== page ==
Jewish group helps to heal apartheid’s squalid legacy
CAPE TOWN — South Africa may have escaped apartheid, but it hasn’t yet removed the last shackles of apartheid’s legacy.
Poverty, poor health care and limited education remain rampant among the country’s non-white population.
Enter Tikkun, the Jewish community’s nationwide social services project that addresses issues from adult education to skills training and AIDS relief work. It also runs health and community centers and upgrades schools lacking funds. Tikkun has no connection to the BayArea group headed by Michael Lerner.
The national chairwoman of projects for Tikkun is Ann Harris, the wife of the country’s chief rabbi.
Harris plays a hands-on role, supervising the organization’s activities in some of the country’s most squalid townships.
A lawyer by profession, Harris was a partner in a prestigious London law firm when her husband was appointed South Africa’s chief rabbi in 1988. Eager to make a contribution from the start, she served for a number of years as acting director of the University of the Witwatersrand’s Law Clinic, a facility providing legal assistance to the underprivileged.
Tikkun — meaning “repair” — was founded in 1996, inspired by “The Jewish Obligation to the Non-Jew,” a source book of references from the Bible, Talmud and philosophical writings compiled by Harris’ husband, Chief Rabbi Cyril Harris, who is the co-chairman of the organization.
On a visit to one of Tikkun’s chief projects — the Rietfontein agricultural settlement and training center, which includes a farm, bakery and school — former President Nelson Mandela described the kibbutz-style project as a miracle.
“What you are doing here has deepened my respect for you,” Mandela said of Tikkun’s efforts. “There are many good men and women in all communities, but I never expected that we would have organizations of this nature that have brought hope.”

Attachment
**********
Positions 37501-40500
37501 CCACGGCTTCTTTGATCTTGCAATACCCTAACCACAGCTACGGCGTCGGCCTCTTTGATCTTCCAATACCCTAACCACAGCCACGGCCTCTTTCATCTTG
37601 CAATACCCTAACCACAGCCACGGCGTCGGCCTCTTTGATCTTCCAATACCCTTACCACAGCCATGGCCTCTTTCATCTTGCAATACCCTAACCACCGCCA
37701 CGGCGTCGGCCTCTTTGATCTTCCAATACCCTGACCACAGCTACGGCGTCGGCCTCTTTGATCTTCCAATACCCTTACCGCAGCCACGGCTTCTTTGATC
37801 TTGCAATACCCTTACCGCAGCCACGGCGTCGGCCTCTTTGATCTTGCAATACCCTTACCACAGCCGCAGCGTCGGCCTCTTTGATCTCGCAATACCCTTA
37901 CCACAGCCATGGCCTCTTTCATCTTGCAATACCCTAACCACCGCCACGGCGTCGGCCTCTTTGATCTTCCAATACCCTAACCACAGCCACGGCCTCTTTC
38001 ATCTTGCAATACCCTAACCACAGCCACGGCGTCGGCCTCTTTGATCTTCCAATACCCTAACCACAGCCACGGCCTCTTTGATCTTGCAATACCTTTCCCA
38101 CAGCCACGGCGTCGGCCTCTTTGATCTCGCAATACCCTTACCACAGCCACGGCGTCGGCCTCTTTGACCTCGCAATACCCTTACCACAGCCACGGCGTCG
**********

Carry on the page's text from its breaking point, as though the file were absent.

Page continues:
A visit to the Tikkun-Alexander Forbes Care of the Aged Project in Alexandra township led to one of the more horrifying, yet gratifying, experiences Harris has endured in the course of her work.
“In one of the shacks, we found an 87-year-old blind man who was close to death. It was filthy, dirty, pitch dark, a woman was boiling water in a can and there were more rats than people,” she recalls with a shudder.
“We immediately got to work, put windows in, got them something to cook on, cleaned the place up,” she says. “We provided second-hand furniture, including beds and bedding. When we went again a week later, he was up and about.”
As a result of that visit, Herby Rosenberg, the chief executive officer of Tikkun, solicited a donation that will allow 100 more such shacks to be renovated or rebuilt.
Northwest of Johannesburg lies the informal settlement of Diepsloot, where conditions are described as among the worst in the world.
Where children once played on a dirt heap and used plastic ice-cream containers for washing, Tikkun has built a small day-care facility and a washing block and plans to put up an informal health center. Tikkun’s Young Adults Group, comprising volunteers from Jewish schools and youth organizations, has been collecting toys for the day-care facility.
Diepsloot is very dusty, making asthma and breathing difficulties common. But oxygen equipment donated by one of Tikkun’s supporters saved the life of a newborn.
Expanding worldwide, Tikkun now operates or raises money in the United States, Australia and the United Kingdom. It is optimistic that substantial funds will be raised from American foundations and benefactors to support its activities in South Africa.